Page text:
Chenbro Gaming Bomb Xpider case

Cases|Damping
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INTERIOR

Putting the cover back on is just as easy; just reverse the procedure, starting with putting the bottom groove of the cover in place. The fit is a bit sloppy but smooth, because all the mating edges have been folded over -- to eliminate the potential for cuts and to make everything fit smoothly. It works.

Here's what you see when you open the cover.

Though we lack a micrometer to measure thickness, the sheet metal is hefty enough, on par with case offerings from Antec. The 9 square holes for ATX motherboard mounting are visible in the above photo. Clip-on metal risers are supplied; standard screws are then used to secure the motherboard to the risers. A number of brass threaded risers are also supplied, presumably for use with smaller or nonstandard boards.

The same nicely open square hole pattern on the back fan grill is also used for the bottom front fan grill . It can accommodate a 92mm fan. There's also a strip of additional holes beside the fan grill.

The area directly behind the front fan is completely clear, except for the green plastic retention device for extra long PCI cards (rare in home PC systems). This is a very useful "feature" for PC silencers: The front bottom area is a perfect spot for hard drives -- mounted in mechanically decoupled cages, suspended from upper drive cages, or even placed bare on soft foam or sorbothane pads. The front intake airflow helps to keep the drive cool; heat can be an issue with mounting techniques that don't secure the drive tightly to the chassis for conduction of heat (and vibration).

The Chenbro web site shows a side open view of the case with an additional drive cage in this area, but there is no mention of it in their description. Perhaps it is available as an option or add-on.

You may be wondering what are those 2 plastic tables along the front corner edge. Well, each is part of a rod, and the tab actually rotates the rod, which moves clips on the front that hold the bezel in place. A simple push on the tabs and the left edge of the bezel bushes away as shown in the animated GIF below. Then a gentle pivot and pull on the bezel and its completely free. Very ingenious and convenient, yet secure. Once removed, the metal work is visible, as shown on the right.

The bezel itself is very transparent to airflow, as suspected earlier. Here's what it looks light against a lit background. The right photo below shows the inside, which is equipped with an airconditioning-type dust filter. The filter is not quite up to Bluefront's standards, but certainly a nice touch, given the openness of the intake grill.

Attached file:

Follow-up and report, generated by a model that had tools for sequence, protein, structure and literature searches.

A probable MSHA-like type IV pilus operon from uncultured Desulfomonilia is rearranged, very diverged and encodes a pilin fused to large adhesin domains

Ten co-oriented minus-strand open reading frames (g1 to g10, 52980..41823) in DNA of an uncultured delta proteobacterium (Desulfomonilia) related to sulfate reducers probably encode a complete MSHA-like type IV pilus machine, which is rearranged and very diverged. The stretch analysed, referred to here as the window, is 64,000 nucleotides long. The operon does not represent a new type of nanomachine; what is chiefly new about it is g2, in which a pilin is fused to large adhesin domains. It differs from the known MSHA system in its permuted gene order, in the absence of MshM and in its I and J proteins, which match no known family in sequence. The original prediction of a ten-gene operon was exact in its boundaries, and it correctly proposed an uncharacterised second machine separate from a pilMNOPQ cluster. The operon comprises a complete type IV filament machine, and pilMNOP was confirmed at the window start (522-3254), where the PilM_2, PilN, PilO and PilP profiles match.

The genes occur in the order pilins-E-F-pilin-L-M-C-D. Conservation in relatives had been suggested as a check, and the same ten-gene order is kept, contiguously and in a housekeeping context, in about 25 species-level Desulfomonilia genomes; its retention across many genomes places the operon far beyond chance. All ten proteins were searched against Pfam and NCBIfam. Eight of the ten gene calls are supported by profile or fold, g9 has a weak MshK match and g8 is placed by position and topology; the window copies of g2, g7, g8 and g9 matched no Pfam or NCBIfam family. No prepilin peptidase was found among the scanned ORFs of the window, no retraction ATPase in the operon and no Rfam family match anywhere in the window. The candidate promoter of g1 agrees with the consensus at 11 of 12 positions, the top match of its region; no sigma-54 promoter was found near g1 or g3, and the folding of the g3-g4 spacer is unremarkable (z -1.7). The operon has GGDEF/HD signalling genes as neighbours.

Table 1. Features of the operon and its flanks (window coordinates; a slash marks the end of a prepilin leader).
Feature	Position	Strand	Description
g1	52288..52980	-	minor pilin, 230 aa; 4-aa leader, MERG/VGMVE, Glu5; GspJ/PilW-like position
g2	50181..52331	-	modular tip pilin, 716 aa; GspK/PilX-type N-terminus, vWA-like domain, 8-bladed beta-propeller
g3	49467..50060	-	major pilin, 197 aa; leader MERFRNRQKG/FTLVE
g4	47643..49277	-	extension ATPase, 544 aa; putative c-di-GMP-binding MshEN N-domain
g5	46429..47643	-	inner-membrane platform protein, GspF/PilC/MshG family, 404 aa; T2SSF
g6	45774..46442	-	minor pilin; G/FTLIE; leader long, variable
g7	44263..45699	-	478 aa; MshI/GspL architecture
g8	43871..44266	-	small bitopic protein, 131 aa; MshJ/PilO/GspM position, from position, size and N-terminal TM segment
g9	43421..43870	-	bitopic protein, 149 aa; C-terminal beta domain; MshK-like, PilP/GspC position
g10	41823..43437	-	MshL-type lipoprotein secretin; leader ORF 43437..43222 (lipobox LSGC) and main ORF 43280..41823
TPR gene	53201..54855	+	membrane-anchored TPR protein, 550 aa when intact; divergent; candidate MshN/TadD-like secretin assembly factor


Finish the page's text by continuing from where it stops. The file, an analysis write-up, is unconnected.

Going back inside... there are four 5.25" drive bays and three 3.5" drive bays. One of the 3.5" drive bays is has front panel access; the other 2 are for hard drives only. The plastic bag visible in the 5.25" drive bays holds a frame for a 120mm fan and hardware bits, mostly for motherboard mounting. It's a fairly typical fan frame that most silencers will chuck, opting instead for damped elastomer plugs or ordinary screws. These fan frames have a tendency to vibrate.

The drives are all fitted with plastic/metal rails, which are neatly tucked away on the bottom center of the case. There are 2 types of rails -- one for optical drives, another for HDDs. No screws are needed. Little plastic nubs friction fit the rails into the drive, which then allow the drive to be slid in from the front. They may even help reduce the amount of vibration transmitted into the case. Very neatly done!

The inside of the back panel is shown below.

Aside from the PSU opening, the exhaust grill and the 92mm fan, there's that mess of green plastic at the bottom. "What is that?" you ask.

Well, that's more evidence of the clever tool-free design that went into this case. Each of the slot covers is fixed in place by a black plastic cylinder that you turn & slide up to release, and slide down & turn to lock down. A little notch on the mating surface between the plastic and the top of the PCI slot or device keeps them aligned. There is enough tension and pressure to keep the card secure. Perhaps a very heavy card could pose a problem in transit, but that's about the only downside we can think of. (This explains the metal cover on the outside of the back panel -- it hides the mechanism here.) Again, very neat, well thought out!

Below are photos of the fan -- a 92mm, 0.25A 12VDC Top Motor brand fan by Dynaeon that's a a bit ticky/buzzy but not too noisy and maybe useful in a pinch -- and the support ledge for the power supply.

So there you have it -- all the components of this interesting case. How does it all go together? Very well thank you.



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